Trash is not the only issue facing the Jupiter Ridge area. Over 140 feet of shoreline was lost to erosion since 1940 with an estimate of 225 feet in height in the most impacted areas. In 2012 ERM completed a shoreline restoration project along the IWC covering 7,600 feet of frontage along the western portion, which lines the Intracoastal Waterway. The project was intended to reduce shoreline erosion and to enhance estuarine habitat. ERM was hoping to protect some 6,000 feet of mangrove and scrub shoreline and about 3.5 acres of existing seagrass habitat from boat wake disturbance.
A series of 21 oyster reef/breakwaters were built parallel to the shoreline. They were designed to promote flushing and tidal flow through gaps that were intentionally left at strategic points along the breakwaters. They now help stabilize sand and sediment that was previously washing into the IWC channel. Limestone boulders were also used to construct the project, which provided habitat and substrate for estuarine fish and invertebrates.
We all worked up quite an appetite from trekking and paddling our ways on the coastline. As we all returned back to our compound, we were all excitedly sharing our bizarre finds while cleaning up the coast. For a moment all you could hear was the cracking open of canned water
and the noshing of sub sandwiches. A Florida scrub-jay flew overhead of us and Jeff told us to keep an eye out for an osprey nest that’s on the coastline which we’d be able to see from the kayaks. (I spotted it later, but only because I had heard a woodpecker on a tree and it happened to be the same tree.)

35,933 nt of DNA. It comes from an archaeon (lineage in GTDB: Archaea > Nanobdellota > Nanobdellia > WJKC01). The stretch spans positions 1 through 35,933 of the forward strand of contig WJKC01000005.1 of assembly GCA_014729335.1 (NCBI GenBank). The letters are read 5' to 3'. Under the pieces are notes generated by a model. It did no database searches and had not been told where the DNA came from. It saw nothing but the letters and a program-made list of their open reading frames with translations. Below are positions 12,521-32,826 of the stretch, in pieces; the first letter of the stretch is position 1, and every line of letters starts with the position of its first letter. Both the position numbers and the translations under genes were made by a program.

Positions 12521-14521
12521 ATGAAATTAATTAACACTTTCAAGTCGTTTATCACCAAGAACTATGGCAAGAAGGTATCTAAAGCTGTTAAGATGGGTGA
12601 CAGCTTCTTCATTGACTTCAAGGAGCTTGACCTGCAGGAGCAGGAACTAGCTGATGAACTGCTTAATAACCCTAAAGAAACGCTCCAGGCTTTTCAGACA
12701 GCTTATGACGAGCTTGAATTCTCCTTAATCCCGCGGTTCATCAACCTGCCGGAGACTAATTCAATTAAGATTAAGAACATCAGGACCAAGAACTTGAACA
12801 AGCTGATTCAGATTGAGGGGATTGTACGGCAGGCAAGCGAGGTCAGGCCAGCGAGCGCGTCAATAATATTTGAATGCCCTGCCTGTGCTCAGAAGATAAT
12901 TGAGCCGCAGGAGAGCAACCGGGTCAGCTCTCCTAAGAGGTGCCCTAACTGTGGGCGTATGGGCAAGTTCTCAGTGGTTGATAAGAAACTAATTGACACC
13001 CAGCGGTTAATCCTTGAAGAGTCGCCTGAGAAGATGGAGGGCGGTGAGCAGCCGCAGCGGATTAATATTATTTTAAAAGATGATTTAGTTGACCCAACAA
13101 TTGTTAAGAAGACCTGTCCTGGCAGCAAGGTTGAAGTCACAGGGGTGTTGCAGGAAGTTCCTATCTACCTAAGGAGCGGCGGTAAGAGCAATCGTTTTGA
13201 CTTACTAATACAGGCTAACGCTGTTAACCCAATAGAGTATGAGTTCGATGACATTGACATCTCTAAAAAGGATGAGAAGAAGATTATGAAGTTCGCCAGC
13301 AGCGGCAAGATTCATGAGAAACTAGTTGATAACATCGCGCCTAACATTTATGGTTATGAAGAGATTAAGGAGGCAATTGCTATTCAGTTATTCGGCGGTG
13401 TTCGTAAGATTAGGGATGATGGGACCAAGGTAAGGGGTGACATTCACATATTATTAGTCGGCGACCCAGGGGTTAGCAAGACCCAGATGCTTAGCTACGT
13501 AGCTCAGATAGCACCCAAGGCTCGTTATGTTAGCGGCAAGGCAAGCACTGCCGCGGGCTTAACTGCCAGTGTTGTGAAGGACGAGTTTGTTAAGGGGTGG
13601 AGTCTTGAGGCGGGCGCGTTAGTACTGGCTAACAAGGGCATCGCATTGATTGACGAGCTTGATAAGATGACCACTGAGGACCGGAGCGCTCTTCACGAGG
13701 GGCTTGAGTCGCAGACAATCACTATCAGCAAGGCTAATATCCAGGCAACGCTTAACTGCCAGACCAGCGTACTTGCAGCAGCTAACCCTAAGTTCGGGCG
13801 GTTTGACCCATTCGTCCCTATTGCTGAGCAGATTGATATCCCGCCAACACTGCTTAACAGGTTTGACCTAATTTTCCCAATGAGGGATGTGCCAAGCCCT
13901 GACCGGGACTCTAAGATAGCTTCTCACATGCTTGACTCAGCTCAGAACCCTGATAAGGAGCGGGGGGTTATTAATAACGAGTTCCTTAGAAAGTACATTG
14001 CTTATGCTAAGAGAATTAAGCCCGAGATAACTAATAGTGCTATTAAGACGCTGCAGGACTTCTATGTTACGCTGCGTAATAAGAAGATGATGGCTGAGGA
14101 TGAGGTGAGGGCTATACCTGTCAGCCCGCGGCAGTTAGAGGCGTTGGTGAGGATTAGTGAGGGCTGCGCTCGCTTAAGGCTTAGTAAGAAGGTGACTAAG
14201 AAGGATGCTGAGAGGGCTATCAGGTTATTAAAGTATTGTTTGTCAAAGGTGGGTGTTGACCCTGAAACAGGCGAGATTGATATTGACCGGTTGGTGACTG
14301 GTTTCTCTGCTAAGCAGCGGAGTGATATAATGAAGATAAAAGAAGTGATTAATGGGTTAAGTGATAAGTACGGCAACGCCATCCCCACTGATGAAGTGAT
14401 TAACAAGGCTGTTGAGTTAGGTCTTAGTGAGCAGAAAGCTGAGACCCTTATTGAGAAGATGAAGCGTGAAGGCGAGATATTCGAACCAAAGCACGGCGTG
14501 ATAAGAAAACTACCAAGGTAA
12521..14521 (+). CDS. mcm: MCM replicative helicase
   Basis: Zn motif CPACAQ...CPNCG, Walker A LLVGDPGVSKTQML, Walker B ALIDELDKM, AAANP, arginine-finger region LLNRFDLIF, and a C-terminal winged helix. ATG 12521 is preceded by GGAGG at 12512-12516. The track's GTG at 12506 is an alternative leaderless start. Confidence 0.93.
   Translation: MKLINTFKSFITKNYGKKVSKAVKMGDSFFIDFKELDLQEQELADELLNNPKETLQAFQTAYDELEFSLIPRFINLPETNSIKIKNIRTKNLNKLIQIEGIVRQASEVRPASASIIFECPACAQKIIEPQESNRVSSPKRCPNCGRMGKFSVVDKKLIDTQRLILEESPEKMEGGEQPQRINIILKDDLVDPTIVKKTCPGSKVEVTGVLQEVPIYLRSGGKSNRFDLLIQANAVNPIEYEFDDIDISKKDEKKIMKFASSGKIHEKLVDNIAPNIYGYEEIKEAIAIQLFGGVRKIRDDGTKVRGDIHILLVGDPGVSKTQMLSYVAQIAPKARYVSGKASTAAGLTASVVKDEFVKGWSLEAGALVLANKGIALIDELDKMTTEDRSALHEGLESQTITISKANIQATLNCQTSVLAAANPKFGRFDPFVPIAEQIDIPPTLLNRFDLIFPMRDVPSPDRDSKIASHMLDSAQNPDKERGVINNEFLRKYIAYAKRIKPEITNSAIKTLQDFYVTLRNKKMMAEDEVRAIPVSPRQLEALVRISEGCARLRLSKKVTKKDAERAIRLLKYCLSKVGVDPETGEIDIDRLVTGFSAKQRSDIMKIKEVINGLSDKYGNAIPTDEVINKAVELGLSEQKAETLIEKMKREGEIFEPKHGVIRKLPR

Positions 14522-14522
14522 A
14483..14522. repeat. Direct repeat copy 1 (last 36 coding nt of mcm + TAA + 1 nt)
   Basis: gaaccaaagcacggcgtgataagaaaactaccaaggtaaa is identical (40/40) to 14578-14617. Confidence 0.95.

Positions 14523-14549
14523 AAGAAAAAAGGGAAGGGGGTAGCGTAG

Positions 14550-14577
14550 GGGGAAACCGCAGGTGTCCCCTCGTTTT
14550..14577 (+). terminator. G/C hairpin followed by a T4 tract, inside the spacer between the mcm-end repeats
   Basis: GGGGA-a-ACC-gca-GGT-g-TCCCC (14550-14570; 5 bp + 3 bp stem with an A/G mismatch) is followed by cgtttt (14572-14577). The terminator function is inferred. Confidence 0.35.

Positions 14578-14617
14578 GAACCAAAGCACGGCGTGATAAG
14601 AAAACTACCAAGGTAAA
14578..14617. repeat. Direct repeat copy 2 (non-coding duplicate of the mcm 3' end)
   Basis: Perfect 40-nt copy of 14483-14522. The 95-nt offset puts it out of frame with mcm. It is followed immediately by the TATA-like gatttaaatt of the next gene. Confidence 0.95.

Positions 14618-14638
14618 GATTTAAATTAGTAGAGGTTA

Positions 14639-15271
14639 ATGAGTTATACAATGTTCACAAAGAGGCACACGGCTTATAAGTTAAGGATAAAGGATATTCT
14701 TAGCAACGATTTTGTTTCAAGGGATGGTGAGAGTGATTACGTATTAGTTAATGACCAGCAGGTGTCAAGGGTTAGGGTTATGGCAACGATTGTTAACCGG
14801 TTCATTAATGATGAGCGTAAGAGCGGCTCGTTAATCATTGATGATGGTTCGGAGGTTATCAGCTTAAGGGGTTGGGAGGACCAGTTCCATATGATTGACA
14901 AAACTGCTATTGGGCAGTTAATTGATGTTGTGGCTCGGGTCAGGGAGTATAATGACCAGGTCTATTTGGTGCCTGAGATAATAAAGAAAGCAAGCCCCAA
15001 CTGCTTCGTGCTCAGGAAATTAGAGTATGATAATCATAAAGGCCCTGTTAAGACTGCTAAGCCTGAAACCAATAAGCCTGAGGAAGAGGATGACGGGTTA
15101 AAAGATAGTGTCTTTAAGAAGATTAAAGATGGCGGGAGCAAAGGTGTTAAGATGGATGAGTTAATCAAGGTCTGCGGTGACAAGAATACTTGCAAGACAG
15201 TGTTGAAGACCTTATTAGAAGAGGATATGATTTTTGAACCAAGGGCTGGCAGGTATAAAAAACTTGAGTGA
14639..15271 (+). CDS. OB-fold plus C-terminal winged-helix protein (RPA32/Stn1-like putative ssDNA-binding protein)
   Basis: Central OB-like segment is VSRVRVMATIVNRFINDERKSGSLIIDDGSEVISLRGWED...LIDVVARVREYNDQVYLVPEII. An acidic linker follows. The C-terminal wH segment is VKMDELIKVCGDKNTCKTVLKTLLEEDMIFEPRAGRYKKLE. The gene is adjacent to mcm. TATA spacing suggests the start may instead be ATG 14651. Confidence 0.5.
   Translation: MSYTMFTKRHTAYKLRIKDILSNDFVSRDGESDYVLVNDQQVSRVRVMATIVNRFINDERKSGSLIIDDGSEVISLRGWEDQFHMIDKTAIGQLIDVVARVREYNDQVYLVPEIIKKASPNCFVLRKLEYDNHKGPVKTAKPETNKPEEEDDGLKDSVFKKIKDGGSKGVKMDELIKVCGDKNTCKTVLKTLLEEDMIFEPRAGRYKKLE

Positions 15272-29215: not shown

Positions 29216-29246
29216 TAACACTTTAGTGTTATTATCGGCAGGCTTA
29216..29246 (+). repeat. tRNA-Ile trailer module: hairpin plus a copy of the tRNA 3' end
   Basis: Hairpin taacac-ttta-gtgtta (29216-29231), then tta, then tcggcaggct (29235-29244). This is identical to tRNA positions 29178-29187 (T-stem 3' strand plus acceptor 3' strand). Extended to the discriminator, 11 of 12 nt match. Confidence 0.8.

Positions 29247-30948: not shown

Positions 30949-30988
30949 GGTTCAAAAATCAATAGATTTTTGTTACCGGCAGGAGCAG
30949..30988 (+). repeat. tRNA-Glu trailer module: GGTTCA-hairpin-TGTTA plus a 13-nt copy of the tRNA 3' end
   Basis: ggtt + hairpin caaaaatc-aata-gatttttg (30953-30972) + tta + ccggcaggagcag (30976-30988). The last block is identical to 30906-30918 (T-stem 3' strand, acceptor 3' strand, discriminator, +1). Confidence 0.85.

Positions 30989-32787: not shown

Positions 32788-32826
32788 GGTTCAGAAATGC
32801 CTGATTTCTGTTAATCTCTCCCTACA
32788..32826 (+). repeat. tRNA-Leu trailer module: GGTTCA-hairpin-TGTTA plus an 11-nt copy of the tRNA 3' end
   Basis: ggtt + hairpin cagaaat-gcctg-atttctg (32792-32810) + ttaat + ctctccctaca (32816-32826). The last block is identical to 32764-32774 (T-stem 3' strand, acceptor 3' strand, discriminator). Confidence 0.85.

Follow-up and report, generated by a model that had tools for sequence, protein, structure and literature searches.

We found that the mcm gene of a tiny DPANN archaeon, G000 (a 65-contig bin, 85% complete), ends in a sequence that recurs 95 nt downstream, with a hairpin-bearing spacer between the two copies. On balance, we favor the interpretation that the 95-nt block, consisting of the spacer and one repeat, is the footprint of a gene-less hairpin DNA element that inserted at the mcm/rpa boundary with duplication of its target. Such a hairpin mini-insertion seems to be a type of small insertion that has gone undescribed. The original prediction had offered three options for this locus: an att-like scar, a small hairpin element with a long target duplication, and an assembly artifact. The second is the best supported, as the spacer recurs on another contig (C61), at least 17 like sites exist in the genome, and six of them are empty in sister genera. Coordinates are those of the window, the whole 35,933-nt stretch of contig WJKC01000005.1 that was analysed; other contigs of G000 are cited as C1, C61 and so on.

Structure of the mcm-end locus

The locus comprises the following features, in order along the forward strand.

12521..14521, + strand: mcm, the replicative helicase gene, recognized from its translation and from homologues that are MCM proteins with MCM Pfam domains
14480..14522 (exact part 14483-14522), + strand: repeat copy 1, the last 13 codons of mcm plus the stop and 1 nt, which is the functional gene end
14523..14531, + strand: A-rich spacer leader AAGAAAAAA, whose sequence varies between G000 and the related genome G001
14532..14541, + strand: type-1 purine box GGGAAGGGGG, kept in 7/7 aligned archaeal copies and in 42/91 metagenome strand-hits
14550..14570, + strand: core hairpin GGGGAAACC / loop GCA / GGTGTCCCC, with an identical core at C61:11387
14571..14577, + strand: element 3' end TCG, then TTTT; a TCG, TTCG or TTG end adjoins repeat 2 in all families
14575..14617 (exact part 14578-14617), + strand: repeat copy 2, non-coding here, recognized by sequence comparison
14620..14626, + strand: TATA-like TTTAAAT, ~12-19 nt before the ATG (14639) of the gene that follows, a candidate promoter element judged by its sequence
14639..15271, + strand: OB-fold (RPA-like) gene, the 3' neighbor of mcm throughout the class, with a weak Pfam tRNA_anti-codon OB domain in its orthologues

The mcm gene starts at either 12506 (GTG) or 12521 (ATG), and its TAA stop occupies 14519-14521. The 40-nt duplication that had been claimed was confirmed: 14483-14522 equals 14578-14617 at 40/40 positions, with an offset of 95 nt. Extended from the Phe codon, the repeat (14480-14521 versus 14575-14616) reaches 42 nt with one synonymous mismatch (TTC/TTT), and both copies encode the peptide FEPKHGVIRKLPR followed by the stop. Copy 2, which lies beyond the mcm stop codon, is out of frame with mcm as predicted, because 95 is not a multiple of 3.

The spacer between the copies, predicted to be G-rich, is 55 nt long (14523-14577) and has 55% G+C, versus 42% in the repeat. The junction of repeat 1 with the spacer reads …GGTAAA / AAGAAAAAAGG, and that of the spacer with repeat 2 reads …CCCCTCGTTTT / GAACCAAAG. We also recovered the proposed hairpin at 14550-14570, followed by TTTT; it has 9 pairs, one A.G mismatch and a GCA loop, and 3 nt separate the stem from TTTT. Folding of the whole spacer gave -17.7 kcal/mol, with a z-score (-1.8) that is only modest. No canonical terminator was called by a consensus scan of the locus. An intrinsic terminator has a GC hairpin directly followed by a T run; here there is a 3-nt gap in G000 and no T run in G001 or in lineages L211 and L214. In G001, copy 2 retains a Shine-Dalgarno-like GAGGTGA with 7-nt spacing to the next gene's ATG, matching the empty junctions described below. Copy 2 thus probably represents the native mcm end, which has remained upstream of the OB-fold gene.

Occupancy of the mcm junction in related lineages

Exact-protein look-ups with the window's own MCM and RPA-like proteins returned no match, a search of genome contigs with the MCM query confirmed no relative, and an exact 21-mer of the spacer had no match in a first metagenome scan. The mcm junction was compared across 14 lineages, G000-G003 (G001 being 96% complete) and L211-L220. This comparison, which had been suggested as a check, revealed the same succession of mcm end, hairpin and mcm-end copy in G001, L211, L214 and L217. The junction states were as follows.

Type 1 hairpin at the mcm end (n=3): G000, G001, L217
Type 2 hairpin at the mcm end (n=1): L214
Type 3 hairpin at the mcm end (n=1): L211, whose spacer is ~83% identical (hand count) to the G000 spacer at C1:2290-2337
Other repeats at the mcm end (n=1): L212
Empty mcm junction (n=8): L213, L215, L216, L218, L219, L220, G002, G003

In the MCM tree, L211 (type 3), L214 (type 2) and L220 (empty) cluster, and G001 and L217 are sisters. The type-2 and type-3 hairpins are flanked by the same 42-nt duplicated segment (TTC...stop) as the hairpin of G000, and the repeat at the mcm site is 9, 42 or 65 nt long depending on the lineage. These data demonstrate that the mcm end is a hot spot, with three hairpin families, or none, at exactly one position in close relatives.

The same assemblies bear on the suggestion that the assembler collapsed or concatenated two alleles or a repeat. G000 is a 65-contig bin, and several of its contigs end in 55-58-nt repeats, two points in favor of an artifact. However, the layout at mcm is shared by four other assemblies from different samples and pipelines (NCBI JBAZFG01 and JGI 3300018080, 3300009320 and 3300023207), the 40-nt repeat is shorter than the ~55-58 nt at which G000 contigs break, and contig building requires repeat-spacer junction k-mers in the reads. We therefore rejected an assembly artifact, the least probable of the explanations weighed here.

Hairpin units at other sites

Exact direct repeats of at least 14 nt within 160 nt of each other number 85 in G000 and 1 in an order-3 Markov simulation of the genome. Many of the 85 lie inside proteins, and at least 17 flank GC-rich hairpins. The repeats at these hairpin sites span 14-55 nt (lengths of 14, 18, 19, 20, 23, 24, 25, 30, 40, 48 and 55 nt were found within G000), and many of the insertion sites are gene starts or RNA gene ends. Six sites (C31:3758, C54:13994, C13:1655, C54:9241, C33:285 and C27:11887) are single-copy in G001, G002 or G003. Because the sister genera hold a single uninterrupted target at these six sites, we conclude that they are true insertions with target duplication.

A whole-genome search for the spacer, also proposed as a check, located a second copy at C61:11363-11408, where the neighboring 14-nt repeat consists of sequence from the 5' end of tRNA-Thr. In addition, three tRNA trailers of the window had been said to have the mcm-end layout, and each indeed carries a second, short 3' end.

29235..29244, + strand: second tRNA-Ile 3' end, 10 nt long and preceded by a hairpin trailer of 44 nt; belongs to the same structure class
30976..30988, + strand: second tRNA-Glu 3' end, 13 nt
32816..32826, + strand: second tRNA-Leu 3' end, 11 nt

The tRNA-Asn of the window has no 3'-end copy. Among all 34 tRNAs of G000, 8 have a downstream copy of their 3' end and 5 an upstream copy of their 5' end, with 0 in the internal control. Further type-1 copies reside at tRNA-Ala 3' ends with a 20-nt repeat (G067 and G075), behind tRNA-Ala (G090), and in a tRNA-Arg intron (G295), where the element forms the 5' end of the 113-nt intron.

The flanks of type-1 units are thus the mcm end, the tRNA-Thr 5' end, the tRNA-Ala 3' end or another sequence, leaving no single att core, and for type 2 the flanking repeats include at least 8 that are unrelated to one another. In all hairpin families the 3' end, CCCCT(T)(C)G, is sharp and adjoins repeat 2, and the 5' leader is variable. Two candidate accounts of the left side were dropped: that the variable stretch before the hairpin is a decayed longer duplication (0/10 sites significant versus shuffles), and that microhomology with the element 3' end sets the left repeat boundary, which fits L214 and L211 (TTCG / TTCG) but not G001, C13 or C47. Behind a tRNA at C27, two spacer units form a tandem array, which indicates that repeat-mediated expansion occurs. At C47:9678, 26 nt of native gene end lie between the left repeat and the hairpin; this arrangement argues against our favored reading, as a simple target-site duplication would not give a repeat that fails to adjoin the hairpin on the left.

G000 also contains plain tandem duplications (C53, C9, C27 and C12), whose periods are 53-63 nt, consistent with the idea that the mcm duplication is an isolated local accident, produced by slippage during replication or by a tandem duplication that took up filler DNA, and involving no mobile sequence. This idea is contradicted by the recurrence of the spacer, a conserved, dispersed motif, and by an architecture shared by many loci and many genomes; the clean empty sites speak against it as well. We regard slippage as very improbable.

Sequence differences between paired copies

Some of the volunteers parted ways by this time, but the remainders went out in kayaks to begin a friendly fishing tournament. We all had a few bites but no catches. Though not catching any fish, it was still a beautiful day and a lot to take in of the serene coastline, and the “no catch” data was logged into the Angler Action Program (AAP). I watched Brett with his precise casting and he gave me a tip for prospecting new waters - wherever you can find white bleached out mangroves, you’ll might find some snook hanging out under there. Now I’ll just need to work on my precision of my cast so I’m actually catching snook and not just mangrove roots!
After a full day in the sun, we all met up at Due South Brewing and Company to sit and relax with an ice cold beer in our hand while discussing what we should all do at our next meetup at the Jupiter Ridge Natural Area. While already a beautiful gem of a spot in Palm Beach County, the land and coastline still has much potential for environmental improvements. We talked about planting some seagrass or placing some oyster beds to help cleanse the water of the murkiness it currently has. Jeff explained that before a planting project could take place, the ground elevations and tidal ranges should be evaluated in the potential planting areas to ensure the success and survival of the plantings. Oysters have recruited naturally on the surface of the limestone boulders that comprise the breakwaters, so ERM already knows the site conditions are conducive for oysters.
We can’t wait to gather up our volunteers again to have another great day at Jupiter Ridge Natural Area. Keep checking in with us at www.snookfoundation.org for the next meet up, as well as other social and volunteer opportunities. Also, please consider joining SGF as your membership always helps us in our mission to ensure a brighter fishing future for generations to come.